Although I believe she was disciplined in some way, I was written up for standing my ground and was told my actions were unbecoming of my position and rank. The write up was done after the Major spoke with the woman, but before I had the opportunity to clarify my position.

What is my recourse?

A:

One thing I’ve learned is that there are two sides to every story. It sounds to me like your Major dealt with the matter and it’s time to move on.

Bill Bransford is managing partner of Shaw Bransford & Roth PC.

Disclaimer: Ask a Lawyer publishes information on this website for informational purposes only. Information on this website is intended – but not promised, guaranteed, or warranted – to reflect correct, complete and current developments. In addition, the contents of the website do not constitute legal advice and do not necessarily reflect the opinions of the attorney. Information from this website is not intended to be used as a substitute for specific legal advice, nor should you consider it as such. You should not act, or refrain from acting, based on information on this website without seeking specific legal advice about your particular circumstances. No attorney-client relationship between you and Ask a Lawyer’s author is created by the transmission of information to or from this site.

Q & A Session – Hiring Selection

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Ask the Lawyer received the following question (paraphrased for easier reading and clarity) from a reader on a legal matter that might be of interest to the entire audience.

Q:

Currently, I am on retained pay, GS-13 Step 00. I interviewed for a GS-14 position and was not selected. Informally, two of the three members of the hiring panel said I scored much higher than the person chosen by the Selecting Official. Both members of the hiring panel said they are troubled by what happened. Do I have a right to ask for the panel scores through the Freedom of Information Act or other means?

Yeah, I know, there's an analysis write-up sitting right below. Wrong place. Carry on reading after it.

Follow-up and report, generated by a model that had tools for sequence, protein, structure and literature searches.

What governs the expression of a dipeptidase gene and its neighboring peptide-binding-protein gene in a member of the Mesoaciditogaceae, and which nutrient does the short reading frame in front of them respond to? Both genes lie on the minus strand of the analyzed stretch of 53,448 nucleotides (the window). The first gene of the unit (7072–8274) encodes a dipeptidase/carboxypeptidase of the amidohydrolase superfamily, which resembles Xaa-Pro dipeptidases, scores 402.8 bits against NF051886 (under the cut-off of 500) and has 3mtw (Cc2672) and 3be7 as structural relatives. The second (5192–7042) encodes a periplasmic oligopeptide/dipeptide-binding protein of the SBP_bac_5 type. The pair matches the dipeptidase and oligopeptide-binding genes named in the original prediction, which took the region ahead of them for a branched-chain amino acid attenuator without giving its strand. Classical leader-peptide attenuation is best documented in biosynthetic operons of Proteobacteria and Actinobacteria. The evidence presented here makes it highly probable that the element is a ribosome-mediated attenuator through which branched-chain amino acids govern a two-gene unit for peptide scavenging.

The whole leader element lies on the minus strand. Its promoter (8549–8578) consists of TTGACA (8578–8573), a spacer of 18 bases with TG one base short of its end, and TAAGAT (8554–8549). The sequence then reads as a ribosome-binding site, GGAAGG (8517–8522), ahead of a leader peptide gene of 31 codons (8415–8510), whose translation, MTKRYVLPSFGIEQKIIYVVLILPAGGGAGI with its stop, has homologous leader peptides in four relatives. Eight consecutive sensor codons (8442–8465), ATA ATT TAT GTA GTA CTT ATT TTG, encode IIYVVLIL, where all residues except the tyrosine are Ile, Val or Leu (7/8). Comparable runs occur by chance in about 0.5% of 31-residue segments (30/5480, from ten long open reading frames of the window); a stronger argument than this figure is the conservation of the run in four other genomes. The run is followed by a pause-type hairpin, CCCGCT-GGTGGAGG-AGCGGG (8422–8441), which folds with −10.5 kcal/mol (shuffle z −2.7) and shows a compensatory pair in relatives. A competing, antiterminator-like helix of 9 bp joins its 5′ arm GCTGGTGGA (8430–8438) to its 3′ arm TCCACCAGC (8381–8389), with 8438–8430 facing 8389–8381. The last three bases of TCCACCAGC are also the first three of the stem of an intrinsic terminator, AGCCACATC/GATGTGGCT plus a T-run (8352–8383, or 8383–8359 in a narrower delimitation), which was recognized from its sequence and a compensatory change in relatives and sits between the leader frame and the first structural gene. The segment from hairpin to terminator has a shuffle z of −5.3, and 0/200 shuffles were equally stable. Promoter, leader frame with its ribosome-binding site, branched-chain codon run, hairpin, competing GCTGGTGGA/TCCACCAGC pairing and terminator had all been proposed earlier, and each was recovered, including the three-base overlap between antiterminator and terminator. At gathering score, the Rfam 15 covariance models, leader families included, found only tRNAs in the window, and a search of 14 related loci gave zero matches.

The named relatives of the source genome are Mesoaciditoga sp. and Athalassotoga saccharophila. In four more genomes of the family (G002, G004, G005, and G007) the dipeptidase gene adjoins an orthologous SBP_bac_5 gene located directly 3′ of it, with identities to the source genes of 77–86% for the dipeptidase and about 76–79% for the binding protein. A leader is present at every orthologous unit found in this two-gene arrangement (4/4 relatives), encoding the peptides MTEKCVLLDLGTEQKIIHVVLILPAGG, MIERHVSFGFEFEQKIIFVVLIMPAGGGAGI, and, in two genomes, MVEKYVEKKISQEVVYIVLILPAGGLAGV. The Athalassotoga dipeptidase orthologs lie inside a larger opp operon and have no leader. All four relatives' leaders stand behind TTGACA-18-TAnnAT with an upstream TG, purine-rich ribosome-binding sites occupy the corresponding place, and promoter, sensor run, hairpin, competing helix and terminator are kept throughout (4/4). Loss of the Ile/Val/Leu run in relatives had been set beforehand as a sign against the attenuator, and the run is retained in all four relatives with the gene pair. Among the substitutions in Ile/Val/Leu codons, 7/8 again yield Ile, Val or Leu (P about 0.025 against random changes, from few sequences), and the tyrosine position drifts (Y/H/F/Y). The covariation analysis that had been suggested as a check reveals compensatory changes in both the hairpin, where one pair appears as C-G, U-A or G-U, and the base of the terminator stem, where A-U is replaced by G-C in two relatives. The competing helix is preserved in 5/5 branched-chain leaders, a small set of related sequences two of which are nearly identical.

I believe I was not selected because I am targeted for another position which is a GS-15. Those interviews are complete and we are awaiting selection. If selected, the non-selection of the GS-14 position will cause me to be brought in at a step below what I would have been entitled to. Is there any recourse?

A:

The only recourse is EEO. An EEO complaint must be filed within 45 days of learning of the non-selection. You can ask for the panel scores under FOIA, but you are likely to receive them if you file an EEO complaint.

Bill Bransford is managing partner of Shaw Bransford & Roth PC.

Disclaimer: Ask a Lawyer publishes information on this website for informational purposes only. Information on this website is intended – but not promised, guaranteed, or warranted – to reflect correct, complete and current developments. In addition, the contents of the website do not constitute legal advice and do not necessarily reflect the opinions of the attorney. Information from this website is not intended to be used as a substitute for specific legal advice, nor should you consider it as such. You should not act, or refrain from acting, based on information on this website without seeking specific legal advice about your particular circumstances. No attorney-client relationship between you and Ask a Lawyer’s author is created by the transmission of information to or from this site.